- California utilities have unveiled winning bids in the state's first auction to consider demand response as a capacity resource, with utilities acquiring more than 40 MW from a wide range of vendors, Greentech Media reports.
- The state's Demand Response Auction Mechanism (DRAM) was designed to allow a diverse mix of bidders, from customer battery storage to electric vehicles, to participate in wholesale markets for demand management as long as they could amass 100 kW of energy reduction.
- Winning bids included demand response stalwarts like EnerNOC and EnergyConnect, as well as storage developer Stem and residential aggregator EnergyHub.
California's investor-owned utilities have unveiled the results of the first DRAM bidding, Greentech Media reports. Southern California Edison received successful bids for roughly 20 MW, Pacific Gas & Electric tapped 17.7 MW, and San Diego Gas & Electric selected almost 3 MW of contracts.
All of the utilities' awards exceeded their required capacity: SCE and PG&E had both been required to contract for at least 10 MW of capacity, while SDG&E sought 2 MW.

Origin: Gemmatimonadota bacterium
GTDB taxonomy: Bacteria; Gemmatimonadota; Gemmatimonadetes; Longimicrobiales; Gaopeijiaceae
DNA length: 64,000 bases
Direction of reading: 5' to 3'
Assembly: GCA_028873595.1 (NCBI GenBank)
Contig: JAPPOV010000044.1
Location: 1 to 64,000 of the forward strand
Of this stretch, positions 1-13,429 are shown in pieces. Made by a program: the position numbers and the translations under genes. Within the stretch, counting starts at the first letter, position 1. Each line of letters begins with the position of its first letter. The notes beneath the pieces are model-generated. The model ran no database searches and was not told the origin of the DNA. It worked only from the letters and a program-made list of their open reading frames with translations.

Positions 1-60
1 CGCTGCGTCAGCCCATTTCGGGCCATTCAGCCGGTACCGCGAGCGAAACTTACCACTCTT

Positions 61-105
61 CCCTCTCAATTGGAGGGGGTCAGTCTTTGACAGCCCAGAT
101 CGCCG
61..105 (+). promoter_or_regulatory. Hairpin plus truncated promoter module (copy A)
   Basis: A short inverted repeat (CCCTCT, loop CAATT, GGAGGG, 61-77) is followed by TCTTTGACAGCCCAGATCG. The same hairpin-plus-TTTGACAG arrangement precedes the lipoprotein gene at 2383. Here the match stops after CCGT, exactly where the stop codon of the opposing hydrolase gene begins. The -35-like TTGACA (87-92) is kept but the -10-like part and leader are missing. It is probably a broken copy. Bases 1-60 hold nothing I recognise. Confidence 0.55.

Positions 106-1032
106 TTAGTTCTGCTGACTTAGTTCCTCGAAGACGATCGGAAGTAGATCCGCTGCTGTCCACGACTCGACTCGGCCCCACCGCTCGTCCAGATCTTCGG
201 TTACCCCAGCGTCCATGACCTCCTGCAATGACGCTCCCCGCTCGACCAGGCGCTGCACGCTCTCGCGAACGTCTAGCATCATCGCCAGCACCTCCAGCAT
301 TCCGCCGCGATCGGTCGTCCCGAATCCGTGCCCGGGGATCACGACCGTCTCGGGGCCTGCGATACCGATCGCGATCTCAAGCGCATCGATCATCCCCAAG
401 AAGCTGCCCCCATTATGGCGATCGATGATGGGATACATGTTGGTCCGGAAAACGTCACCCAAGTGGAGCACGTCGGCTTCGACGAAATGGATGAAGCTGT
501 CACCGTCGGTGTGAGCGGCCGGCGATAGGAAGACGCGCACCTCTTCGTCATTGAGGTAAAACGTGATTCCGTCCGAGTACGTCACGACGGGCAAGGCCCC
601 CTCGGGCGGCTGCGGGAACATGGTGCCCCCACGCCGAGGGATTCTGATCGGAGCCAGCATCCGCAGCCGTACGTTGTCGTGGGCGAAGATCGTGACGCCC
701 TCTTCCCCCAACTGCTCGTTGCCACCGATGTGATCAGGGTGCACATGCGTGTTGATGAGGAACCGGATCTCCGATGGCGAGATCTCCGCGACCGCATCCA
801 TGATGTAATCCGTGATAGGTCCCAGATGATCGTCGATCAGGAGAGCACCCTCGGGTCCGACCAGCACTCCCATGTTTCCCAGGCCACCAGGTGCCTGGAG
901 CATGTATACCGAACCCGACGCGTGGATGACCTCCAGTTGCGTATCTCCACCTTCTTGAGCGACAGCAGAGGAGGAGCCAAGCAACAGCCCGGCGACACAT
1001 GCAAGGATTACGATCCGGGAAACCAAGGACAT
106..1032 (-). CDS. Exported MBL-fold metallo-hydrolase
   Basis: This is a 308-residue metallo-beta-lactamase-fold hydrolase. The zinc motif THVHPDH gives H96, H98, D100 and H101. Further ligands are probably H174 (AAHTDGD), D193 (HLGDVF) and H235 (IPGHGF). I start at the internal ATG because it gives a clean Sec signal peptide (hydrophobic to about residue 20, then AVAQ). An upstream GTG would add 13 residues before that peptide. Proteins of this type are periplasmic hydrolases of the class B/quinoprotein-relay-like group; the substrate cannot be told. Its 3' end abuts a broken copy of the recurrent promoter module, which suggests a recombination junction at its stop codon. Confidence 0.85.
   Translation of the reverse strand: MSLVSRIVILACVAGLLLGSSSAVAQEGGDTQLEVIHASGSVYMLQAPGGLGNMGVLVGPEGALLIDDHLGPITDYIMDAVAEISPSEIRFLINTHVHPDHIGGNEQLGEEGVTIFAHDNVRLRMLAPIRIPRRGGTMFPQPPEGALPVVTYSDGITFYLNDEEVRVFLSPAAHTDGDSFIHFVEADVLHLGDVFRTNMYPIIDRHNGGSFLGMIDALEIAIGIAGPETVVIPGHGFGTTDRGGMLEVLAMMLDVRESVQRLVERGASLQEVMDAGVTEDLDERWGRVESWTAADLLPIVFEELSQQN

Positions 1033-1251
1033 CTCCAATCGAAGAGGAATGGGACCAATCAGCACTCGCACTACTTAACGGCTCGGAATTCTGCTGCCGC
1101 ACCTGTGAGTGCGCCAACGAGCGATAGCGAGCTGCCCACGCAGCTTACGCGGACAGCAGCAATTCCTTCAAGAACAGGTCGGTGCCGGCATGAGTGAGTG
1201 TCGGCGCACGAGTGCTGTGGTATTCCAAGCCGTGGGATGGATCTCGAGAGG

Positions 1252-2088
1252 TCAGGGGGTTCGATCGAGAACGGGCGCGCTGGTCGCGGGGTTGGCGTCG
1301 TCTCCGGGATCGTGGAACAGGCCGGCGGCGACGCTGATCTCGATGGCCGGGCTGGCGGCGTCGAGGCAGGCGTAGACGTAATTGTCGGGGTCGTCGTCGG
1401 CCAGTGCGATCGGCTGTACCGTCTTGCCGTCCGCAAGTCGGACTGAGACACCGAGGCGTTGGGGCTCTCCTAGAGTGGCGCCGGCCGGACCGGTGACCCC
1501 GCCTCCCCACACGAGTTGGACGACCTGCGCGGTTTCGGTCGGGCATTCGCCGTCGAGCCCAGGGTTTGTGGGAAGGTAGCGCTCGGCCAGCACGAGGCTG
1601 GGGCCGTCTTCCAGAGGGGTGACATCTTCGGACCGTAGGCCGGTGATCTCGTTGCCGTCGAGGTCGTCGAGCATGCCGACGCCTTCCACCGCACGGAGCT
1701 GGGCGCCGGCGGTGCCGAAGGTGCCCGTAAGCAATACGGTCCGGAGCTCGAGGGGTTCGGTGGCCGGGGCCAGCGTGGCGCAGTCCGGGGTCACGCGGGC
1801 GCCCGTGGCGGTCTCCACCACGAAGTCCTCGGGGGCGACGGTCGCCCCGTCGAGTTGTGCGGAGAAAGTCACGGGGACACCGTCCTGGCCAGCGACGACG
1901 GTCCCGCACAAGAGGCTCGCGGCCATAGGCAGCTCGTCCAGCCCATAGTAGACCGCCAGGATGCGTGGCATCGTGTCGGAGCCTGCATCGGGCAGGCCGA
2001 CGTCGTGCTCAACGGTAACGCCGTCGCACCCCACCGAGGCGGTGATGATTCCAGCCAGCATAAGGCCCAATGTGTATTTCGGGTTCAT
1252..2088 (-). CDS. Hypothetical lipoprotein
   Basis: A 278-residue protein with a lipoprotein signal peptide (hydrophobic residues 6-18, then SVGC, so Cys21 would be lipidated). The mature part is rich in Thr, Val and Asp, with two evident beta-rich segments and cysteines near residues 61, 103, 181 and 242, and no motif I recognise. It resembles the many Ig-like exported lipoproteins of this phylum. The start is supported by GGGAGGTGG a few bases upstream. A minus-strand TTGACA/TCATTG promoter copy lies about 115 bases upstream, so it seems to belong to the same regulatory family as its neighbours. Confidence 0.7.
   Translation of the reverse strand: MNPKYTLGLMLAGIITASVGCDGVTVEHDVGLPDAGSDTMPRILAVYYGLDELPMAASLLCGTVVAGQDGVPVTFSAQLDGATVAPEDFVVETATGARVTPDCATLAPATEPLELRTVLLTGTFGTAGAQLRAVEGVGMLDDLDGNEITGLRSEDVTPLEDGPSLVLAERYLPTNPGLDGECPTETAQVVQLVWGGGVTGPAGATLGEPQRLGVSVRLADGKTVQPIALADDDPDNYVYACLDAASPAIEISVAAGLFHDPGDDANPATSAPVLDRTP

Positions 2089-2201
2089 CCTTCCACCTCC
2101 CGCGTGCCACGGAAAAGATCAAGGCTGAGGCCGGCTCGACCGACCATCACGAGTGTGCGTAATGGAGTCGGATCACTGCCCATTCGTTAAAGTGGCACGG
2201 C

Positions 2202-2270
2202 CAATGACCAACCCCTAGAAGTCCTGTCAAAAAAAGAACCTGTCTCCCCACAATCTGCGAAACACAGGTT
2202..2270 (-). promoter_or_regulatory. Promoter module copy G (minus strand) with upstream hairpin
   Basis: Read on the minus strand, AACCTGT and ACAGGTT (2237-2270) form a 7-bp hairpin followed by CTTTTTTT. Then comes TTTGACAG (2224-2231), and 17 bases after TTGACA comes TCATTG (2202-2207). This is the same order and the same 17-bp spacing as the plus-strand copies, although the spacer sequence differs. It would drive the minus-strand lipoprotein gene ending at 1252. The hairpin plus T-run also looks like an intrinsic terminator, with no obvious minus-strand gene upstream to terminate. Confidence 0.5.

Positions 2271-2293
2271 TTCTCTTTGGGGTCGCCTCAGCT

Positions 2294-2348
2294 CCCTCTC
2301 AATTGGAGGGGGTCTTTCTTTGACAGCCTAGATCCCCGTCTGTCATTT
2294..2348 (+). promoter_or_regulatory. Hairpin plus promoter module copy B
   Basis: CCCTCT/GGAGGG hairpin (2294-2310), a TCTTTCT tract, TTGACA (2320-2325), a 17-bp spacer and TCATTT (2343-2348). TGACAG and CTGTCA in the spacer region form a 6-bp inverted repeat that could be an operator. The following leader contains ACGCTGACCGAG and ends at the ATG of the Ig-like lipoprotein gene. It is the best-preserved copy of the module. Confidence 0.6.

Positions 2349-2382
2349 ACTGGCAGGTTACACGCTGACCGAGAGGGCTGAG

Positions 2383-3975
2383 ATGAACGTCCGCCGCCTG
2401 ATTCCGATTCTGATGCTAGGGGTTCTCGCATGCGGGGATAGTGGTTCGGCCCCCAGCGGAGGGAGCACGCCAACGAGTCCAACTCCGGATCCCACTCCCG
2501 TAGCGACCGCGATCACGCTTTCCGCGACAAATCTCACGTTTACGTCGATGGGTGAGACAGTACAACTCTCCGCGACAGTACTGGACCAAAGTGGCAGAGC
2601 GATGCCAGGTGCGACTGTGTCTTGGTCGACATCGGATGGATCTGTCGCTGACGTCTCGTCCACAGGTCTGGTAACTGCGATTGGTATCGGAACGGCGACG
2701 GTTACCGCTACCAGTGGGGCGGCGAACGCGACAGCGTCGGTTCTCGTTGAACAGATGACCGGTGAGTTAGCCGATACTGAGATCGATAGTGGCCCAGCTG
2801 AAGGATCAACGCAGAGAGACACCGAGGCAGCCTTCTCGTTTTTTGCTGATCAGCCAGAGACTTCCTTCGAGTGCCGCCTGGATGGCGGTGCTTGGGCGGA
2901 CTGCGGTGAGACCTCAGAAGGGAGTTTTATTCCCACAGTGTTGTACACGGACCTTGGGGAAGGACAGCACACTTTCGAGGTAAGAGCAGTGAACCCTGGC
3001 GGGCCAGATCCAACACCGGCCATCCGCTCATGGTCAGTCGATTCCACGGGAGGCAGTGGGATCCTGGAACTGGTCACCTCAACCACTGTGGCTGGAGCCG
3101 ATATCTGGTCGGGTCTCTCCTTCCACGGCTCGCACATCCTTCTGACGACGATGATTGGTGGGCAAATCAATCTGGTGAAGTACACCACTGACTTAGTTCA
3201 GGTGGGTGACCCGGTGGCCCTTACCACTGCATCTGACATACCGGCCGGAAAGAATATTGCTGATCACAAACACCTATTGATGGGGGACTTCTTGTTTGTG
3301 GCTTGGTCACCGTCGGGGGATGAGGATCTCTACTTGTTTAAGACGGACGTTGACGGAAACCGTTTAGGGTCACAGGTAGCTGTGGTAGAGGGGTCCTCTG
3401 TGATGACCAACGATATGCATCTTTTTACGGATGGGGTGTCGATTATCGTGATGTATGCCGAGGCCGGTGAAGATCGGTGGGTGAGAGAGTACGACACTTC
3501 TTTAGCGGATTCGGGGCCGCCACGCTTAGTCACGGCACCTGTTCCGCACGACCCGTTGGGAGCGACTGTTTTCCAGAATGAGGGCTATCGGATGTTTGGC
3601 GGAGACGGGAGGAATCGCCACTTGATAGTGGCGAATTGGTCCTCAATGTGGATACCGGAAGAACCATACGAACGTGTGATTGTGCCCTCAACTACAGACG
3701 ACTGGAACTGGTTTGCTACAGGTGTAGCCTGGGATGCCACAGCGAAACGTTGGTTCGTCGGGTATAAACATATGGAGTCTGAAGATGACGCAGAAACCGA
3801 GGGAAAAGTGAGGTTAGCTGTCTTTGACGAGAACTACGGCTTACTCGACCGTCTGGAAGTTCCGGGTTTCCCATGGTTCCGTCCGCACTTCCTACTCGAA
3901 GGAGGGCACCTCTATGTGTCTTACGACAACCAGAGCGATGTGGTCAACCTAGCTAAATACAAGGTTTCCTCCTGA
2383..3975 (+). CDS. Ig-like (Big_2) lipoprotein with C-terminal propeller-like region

California has been looking to better incorporate distributed resources, and and the DRAM construct was developed specifically to draw in a diverse set of demand-side resources into wholesale markets. By enhancing the grid's capability to decrease load during peak demand times, the state hopes to avoid building and utilizing natural gas peaker facilities and ease its transition to 50% renewable resources by 2030 mandate.
Homegrown Ohmconnect was the largest winner in the auction. The San Francisco-based company landed contracts for 5.5 MW with SCE in 9 residential and 1 non-residential projects; almost 2 MW in six projects iwth SDG&E; and contracts with PG&E for an undisclosed amount.
Highlighting growing interest in the transportation sector, MotorWerks was tapped to harness more than 1,000 home electric vehicle charing stations. The startup has commitments with SCE of 900 kW, 300 kW with SDG&E and an additional amount with PG&E.
CEO Valery Miftakhov told Greentech it will be “the largest program to date that integrates electric-vehicle charging as a grid resource."